Or indeed, those backgrounds. Randy points out that what we’re seeing is specially-shot KANE foreground action (that’s Paul Stewart, after all) in front of TWO rear-projection screens, separated by a big tent. The second screen is really big, probably the one Fay Wray cowered in front of in KING KONG, so the screen may be from the 1933 ape epic even if the images projected on it aren’t.

Now, we can clearly see that the projected images are matte paintings, except for the animated birds and the rippling water. What we can also see is that they contain tents — decorative tents matching the ones in the live-action foreground, and certainly suggestive of a party rather than a jungle expedition. So dismiss any idea that this is material patched in from a TARZAN movie. Wrong studio, anyway.

Randy is certain the paintings are the work of Mario Larrinaga, employed elsewhere on KANE’s numerous mattes, and also responsible for most of Skull Island’s rotting foliage. So the feeling that the backgrounds are reminiscent of KONG is grounded in truth — like most myths.

So, given that the foreground is pure KANE-Welles-Toland footage, and the tents match, and the whole scene strongly suggests a very specific milieu, a rich man’s party in the Everglades, and even the animated birds fit that hypothesis, the only way to incorporate SON OF KONG material into this scene would be to propose that matte paintings of jungle scenes from a KONG picture had been overpainted with tents in order to compliment this sequence. So there’s no possible question of KANE recycling stock footage from KONG, at most we’re talking about the partial re-use of overpainted mattes… and that doesn’t strike me as any more plausible than the suggestion that they’re original mattes, unless somebody can identify the shots in KONG JNR that those trees are in, which so far nobody has.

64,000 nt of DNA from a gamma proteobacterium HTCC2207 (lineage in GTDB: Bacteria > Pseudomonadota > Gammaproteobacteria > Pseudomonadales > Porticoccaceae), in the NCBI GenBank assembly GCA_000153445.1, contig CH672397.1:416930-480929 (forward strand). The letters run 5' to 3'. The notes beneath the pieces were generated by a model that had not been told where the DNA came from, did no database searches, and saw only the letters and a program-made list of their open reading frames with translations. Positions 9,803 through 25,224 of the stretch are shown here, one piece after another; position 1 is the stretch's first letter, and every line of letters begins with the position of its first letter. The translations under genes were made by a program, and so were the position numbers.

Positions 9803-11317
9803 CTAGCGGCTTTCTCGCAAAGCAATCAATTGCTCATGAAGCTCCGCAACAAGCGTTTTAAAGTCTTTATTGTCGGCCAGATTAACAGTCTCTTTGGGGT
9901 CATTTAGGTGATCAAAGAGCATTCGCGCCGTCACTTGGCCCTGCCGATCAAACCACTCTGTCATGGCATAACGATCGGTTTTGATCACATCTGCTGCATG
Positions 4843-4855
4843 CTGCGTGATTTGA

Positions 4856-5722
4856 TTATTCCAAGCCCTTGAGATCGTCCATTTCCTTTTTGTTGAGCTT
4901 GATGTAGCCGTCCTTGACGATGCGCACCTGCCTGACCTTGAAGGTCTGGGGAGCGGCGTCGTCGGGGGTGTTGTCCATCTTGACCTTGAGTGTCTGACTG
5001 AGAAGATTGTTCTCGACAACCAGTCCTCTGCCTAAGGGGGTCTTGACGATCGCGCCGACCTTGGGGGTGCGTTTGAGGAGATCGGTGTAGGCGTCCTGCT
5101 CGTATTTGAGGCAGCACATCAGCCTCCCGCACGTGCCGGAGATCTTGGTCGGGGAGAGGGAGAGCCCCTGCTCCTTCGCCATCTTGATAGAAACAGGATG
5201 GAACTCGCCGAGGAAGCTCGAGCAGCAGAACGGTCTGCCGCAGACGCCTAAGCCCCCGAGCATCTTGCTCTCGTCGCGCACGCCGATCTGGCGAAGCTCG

All this examination seems triggered by the weirdness of the animated birds (the sole remaining mystery: who actually animated them? remember, they’re cel animation and not Willis H. O’Brien’s beloved stop-motion miniatures) and fueled by the suspicion that this scene is somehow too elaborate, that it must contain a shortcut somewhere…

This shot is a cutaway interpolated into the tent argument.

But the following scene with the Kanes in a tent is so simple and cramped, the sprawling exterior footage is quite necessary to make the sequence feel like it’s a real outing (albeit a 1941 studio picture’s version of an outing). And as every magician knows, one way to fool the audience is to put so much work into a trick that the audience dismisses the most obvious explanation (“Well, he can’t have memorized the position of every card in the deck!”). And Welles was a magician.

That’s what it comes down to, all this painstaking rumination and nerdiness — a single critical insight, that Welles was quite capable of staging an elaborate master shot involving a crowd of extras, two rear-projected matte paintings, one incorporating live action water and the other with animated birds — just as scene-setting.